Active Voltage Control in Distribution Networks Including Distributed Energy Resources
Research output: Book/Report › Doctoral thesis › Collection of Articles
|Place of Publication||Tampere|
|Publisher||Tampere University of Technology|
|Number of pages||71|
|Publication status||Published - 16 May 2014|
|Publication type||G5 Doctoral dissertation (article)|
|Name||Tampere University of Technology. Publication|
|Publisher||Tampere University of Technology|
The structure and control methods of existing distribution networks are planned assuming unidirectional power flows. The amount of generation connected to distribution networks is, however, constantly increasing which changes the operational and planning principles of distribution networks radically. Distributed generation (DG) affects power flows and fault currents in the distribution network and its effect on network operation can be positive or negative depending on the size, type, location and time variation of the generator.
In weak distribution networks, voltage rise is usually the factor that limits the network’s hosting capacity for DG. At present, voltage rise is usually mitigated either by increasing the conductor size or by connecting the generator to a dedicated feeder. These passive approaches maintain the current network operational principles but can lead to high DG connection costs. The voltage rise can be mitigated also using active voltage control methods that change the operational principles of the network radically but can, in many cases, lead to significantly smaller total costs of the distribution network than the passive approach. The active voltage control methods can utilize active resources such as DG in their control and also the control principles of existing voltage control equipment such as the main transformer tap changer can be altered.
Although active voltage control can often decrease the distribution network total costs and its effect on voltage quality can also be positive, the number of real distribution network implementations is still very low and the distribution network operators (DNOs) do not consider active voltage control as a real option in distribution network planning. Some work is, hence, still needed to enable widespread utilization of active voltage control. This thesis aims at overcoming some of the barriers that are, at present, preventing active voltage control from becoming business as usual for the DNOs.
In this thesis, active voltage control methods that can be easily implemented to real distribution networks are developed. The developed methods are, at first, tested using time domain simulations. Operation of one coordinated voltage control (CVC) method is tested also using real time simulations and finally a real distribution network demonstration is conducted. The conducted simulations and demonstrations verify that the developed voltage control methods can be implemented relatively easily and that they are able to keep all network voltages between acceptable limits as long as an adequate amount of controllable resources is available. The developed methods control the substation voltage based on voltages in the whole distribution network and also reactive and real powers of distributed energy resources (DERs) are utilized in some of the developed CVC methods. All types of DERs capable of reactive or real power control can be utilized in the control.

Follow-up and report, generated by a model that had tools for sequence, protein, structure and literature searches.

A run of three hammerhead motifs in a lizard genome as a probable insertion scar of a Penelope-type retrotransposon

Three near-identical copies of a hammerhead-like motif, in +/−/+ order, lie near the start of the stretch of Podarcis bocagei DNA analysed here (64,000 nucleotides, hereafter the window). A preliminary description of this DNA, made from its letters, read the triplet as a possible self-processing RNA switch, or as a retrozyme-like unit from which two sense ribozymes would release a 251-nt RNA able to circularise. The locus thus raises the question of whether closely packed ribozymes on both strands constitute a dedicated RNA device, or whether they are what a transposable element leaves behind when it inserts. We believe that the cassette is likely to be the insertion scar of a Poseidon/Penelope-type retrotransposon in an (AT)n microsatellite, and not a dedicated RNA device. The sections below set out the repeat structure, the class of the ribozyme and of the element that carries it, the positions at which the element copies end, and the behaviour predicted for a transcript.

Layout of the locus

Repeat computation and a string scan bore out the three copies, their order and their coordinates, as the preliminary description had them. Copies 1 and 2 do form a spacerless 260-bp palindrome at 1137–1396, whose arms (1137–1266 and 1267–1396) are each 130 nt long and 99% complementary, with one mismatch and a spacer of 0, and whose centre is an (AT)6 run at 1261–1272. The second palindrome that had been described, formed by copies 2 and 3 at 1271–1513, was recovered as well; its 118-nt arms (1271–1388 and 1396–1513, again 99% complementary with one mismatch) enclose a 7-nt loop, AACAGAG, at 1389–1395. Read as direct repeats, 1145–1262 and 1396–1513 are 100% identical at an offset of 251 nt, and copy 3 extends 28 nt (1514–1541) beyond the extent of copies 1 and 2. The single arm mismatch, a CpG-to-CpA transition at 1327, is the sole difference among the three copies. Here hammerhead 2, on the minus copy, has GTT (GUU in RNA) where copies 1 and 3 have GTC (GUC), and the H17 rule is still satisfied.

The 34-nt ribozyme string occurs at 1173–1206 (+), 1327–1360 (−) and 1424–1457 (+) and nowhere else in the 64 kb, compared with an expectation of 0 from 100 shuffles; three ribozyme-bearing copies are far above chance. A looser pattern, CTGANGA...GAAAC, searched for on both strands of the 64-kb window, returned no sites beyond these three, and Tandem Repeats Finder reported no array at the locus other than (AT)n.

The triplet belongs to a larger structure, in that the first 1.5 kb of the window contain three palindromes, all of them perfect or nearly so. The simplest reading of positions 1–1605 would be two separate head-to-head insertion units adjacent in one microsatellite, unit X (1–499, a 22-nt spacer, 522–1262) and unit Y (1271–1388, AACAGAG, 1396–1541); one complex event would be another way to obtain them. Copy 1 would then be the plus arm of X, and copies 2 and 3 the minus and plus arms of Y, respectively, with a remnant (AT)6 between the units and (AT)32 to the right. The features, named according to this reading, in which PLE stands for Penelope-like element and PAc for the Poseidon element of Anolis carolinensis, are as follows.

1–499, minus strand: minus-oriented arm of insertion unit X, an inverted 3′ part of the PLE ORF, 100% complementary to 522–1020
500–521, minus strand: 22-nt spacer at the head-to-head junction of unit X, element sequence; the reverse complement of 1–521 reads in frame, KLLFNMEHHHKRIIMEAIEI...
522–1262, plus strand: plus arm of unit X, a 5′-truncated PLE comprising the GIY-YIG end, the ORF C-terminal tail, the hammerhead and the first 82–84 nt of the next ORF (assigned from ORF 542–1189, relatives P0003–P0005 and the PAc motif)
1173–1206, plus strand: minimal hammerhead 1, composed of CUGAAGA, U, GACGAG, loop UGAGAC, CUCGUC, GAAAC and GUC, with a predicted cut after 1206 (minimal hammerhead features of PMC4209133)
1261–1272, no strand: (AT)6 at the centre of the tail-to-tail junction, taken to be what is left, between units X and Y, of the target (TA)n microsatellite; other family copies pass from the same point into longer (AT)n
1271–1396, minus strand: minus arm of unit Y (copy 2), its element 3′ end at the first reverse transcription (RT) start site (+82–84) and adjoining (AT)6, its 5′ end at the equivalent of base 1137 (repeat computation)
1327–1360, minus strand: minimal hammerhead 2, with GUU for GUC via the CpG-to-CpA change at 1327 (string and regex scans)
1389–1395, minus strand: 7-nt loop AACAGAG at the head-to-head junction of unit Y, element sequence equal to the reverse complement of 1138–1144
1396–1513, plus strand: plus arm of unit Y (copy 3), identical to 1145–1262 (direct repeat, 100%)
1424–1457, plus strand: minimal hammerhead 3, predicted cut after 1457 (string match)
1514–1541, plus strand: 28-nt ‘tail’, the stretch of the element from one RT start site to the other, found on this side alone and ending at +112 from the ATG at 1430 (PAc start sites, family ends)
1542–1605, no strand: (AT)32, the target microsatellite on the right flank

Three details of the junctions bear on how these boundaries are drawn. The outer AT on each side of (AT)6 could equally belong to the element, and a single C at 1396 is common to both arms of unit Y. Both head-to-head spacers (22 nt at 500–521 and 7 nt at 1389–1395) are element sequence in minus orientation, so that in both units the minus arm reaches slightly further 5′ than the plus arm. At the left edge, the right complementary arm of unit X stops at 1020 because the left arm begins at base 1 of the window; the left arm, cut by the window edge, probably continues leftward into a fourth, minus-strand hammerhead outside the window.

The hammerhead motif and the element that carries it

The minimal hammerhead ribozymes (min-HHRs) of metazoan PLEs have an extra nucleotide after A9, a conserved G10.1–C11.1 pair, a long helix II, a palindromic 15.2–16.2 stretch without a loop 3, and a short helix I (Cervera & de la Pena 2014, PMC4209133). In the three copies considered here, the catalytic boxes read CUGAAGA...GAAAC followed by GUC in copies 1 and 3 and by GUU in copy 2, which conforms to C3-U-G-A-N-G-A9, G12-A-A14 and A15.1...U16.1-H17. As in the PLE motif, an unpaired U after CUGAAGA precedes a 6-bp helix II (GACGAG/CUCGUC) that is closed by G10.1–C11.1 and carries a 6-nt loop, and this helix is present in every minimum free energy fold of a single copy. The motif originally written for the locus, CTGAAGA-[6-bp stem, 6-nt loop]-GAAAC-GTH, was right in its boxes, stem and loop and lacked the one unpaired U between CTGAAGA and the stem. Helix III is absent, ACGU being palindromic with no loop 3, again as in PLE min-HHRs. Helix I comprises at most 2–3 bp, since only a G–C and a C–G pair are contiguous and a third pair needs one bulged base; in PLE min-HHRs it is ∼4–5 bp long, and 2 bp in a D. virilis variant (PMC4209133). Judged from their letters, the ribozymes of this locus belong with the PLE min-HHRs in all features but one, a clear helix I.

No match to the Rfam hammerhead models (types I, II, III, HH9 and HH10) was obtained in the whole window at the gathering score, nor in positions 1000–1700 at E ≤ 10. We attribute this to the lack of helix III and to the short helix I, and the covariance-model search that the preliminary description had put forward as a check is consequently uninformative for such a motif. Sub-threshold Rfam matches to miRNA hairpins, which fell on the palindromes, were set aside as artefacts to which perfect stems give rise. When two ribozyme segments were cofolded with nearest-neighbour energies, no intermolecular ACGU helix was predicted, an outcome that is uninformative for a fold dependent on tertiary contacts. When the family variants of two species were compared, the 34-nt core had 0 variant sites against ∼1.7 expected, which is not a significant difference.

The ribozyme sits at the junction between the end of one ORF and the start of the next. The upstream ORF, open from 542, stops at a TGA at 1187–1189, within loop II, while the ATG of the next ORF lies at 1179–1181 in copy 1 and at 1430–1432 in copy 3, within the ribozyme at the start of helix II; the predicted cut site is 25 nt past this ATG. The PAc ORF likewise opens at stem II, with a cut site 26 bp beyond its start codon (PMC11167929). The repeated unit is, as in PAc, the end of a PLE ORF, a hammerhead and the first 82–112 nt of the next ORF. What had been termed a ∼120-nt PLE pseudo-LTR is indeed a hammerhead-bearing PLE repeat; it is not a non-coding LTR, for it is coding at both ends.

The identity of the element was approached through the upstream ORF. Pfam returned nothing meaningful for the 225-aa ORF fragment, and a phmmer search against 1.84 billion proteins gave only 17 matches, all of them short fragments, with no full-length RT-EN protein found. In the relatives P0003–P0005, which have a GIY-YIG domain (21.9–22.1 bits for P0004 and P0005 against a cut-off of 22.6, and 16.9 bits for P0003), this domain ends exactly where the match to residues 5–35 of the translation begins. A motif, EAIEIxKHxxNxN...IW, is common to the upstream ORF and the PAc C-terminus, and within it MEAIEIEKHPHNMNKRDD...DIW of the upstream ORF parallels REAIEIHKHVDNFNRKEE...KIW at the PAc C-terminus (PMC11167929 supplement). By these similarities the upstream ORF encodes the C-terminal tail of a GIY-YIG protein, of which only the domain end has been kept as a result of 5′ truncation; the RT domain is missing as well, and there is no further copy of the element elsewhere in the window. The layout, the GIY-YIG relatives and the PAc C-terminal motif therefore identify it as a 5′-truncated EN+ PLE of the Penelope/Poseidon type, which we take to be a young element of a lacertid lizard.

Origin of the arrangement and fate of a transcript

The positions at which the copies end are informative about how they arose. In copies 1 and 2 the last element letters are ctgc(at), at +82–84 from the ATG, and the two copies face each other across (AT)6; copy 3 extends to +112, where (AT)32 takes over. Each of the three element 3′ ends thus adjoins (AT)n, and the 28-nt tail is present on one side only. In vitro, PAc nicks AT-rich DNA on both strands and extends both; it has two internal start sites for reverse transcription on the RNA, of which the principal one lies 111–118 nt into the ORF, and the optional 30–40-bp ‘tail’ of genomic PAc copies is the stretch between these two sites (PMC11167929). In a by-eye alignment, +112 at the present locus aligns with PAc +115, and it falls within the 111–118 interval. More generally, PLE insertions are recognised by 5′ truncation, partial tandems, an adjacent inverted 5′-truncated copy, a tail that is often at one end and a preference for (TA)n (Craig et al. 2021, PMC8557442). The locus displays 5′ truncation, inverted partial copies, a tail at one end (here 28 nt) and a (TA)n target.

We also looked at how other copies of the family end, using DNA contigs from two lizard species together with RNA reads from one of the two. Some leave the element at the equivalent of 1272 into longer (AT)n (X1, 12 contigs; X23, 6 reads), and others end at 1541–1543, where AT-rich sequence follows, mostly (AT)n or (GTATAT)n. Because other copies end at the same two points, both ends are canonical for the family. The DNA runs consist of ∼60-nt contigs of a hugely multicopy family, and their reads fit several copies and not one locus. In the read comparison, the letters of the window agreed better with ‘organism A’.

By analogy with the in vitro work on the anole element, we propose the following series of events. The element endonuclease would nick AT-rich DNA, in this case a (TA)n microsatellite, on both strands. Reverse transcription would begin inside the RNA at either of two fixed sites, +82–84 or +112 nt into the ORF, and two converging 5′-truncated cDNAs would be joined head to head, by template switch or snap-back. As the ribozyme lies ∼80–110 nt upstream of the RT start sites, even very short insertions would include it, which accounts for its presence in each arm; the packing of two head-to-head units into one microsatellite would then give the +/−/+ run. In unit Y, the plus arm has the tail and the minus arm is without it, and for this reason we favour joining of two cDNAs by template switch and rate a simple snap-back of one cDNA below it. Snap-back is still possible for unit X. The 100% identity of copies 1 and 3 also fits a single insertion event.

The distribution network planning tools and procedures used currently are not capable of taking active voltage control into account. DG interconnection planning is based only on two extreme loading conditions (maximum generation/minimum load and minimum generation/maximum load) and network effects and costs of alternative voltage control methods cannot be compared. In this thesis, the distribution network planning procedure is developed to enable comparison of different voltage control strategies. The statistical distribution network planning method is introduced and its usage is demonstrated in example cases. In statistical distribution network planning, load flow is calculated for every hour of the year using statistical-based hourly load and production curves. When the outputs of hourly load flows (e.g. annual losses, transmission charges and curtailed generation) are combined with investment costs the total costs of alternative voltage control strategies can be compared and the most cost-effective approach can be selected. The example calculations show that the most suitable voltage control strategy varies depending on the network and DG characteristics.
The studies of this thesis aim at making the introduction of active voltage control as easy as possible to the DNOs. The developed CVC methods are such that they can be implemented as a part of the existing distribution management systems and they can utilize the already existing data transfer infrastructure of SCADA. The developed planning procedure can be implemented as a part of the existing network information systems. Hence, the currently used network planning and operational tools do not need to be replaced but only enhanced.